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Year : 2006  |  Volume : 9  |  Issue : 2  |  Page : 159-163

The contribution of privately owned hospitals in the provision of essential obstetric care in Nigeria

Department of Obstetrics, Nnamdi Azikiwe University Teaching Hospital, Nnewi

Correspondence Address:
J E Okonkwo
Department of Obstetrics, Nnamdi Azikiwe University Teaching Hospital, Nnewi

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Source of Support: None, Conflict of Interest: None

PMID: 17319350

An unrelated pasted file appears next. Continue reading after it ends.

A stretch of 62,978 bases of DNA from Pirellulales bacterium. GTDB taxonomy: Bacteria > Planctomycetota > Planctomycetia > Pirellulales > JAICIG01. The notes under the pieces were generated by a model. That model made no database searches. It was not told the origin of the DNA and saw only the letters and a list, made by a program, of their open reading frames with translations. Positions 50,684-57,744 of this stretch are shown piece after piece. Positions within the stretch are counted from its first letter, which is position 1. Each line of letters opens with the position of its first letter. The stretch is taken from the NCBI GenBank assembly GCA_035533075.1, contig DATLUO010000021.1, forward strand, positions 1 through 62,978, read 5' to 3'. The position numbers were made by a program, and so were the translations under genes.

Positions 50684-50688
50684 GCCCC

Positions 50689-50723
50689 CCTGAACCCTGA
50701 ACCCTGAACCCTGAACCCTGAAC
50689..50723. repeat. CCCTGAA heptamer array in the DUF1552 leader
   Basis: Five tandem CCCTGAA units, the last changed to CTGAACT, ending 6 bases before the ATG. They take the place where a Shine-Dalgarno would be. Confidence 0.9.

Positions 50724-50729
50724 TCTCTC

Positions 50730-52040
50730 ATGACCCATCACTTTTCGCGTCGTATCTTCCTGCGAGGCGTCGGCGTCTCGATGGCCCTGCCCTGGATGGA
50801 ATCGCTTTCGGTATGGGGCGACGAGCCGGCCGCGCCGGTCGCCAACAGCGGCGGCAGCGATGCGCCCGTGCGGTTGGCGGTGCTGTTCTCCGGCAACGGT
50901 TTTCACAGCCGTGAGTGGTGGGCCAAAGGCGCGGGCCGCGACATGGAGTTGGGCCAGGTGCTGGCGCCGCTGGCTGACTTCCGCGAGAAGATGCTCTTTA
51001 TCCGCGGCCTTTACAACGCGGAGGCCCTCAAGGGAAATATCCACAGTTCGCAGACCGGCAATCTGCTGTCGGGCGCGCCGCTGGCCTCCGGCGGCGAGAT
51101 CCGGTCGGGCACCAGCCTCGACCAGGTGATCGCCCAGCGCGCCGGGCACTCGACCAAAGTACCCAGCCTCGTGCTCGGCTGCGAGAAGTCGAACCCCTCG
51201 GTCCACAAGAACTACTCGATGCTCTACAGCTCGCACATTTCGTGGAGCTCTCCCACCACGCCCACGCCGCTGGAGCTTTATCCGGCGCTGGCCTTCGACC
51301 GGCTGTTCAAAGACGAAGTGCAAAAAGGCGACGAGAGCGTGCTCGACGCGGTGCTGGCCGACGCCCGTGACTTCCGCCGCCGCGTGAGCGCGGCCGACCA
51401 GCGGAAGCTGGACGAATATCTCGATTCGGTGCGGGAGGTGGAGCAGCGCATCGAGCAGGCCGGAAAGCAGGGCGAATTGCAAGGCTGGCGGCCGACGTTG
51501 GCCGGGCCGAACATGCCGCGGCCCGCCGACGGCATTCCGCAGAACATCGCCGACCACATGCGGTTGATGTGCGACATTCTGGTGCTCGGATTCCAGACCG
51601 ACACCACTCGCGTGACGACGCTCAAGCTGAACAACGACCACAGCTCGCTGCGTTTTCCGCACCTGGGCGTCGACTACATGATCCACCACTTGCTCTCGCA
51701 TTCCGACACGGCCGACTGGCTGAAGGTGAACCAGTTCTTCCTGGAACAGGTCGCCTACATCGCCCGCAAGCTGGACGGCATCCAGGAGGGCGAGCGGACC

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OBJECTIVE: To highlight the private sector contribution in the provision of essential obstetric care in Abia State, Southeastern Nigeria. METHOD: Following two workshops a structured questionnaire was used to seek information on the type of facility, ownership, type of services, number of staff, instruments and medical consumables, deliveries and data on clients attended to in the previous twelve months. On the basis of the response the facilities were classified into not essential obstetric care, basic essential obstetric care and comprehensive essential obstetric care. RESULTS: Of 638 facilities visited only 378 offered antenatal and postnatal services. The 13 government hospitals and 173 primary health centers conducted 5601 deliveries. The 146 private hospitals/clinics and 46 maternity homes conducted 21,128 deliveries. Only 121 offered essential obstetric services: 42 basic with 2488 deliveries and 79 comprehensive with 14,489 deliveries. Of the basic essential obstetric facilities that were private, 84.6% were concentrated in the 6 urban local government areas (LGA) leaving 15.4% in the 11 rural LGA. Similarly 85.6% of the comprehensive essential obstetric facilities that were private are concentrated in the 6 urban LGA leaving 14.4% scattered in the 11 rural LGA CONCLUSION: The private sector, with its greater essential obstetric facilities, is concentrated mainly in the 6 urban LGA. This resulted in 14,970 deliveries as against 2007 deliveries in the government facilities. Although there is an apparent neglect of the other 11 LGA, the deliveries in the private facilities constituted over 79% within the study period. This greater contribution should be noted and considered when planning maternal and infant mortality and morbidity reforms in Nigeria.

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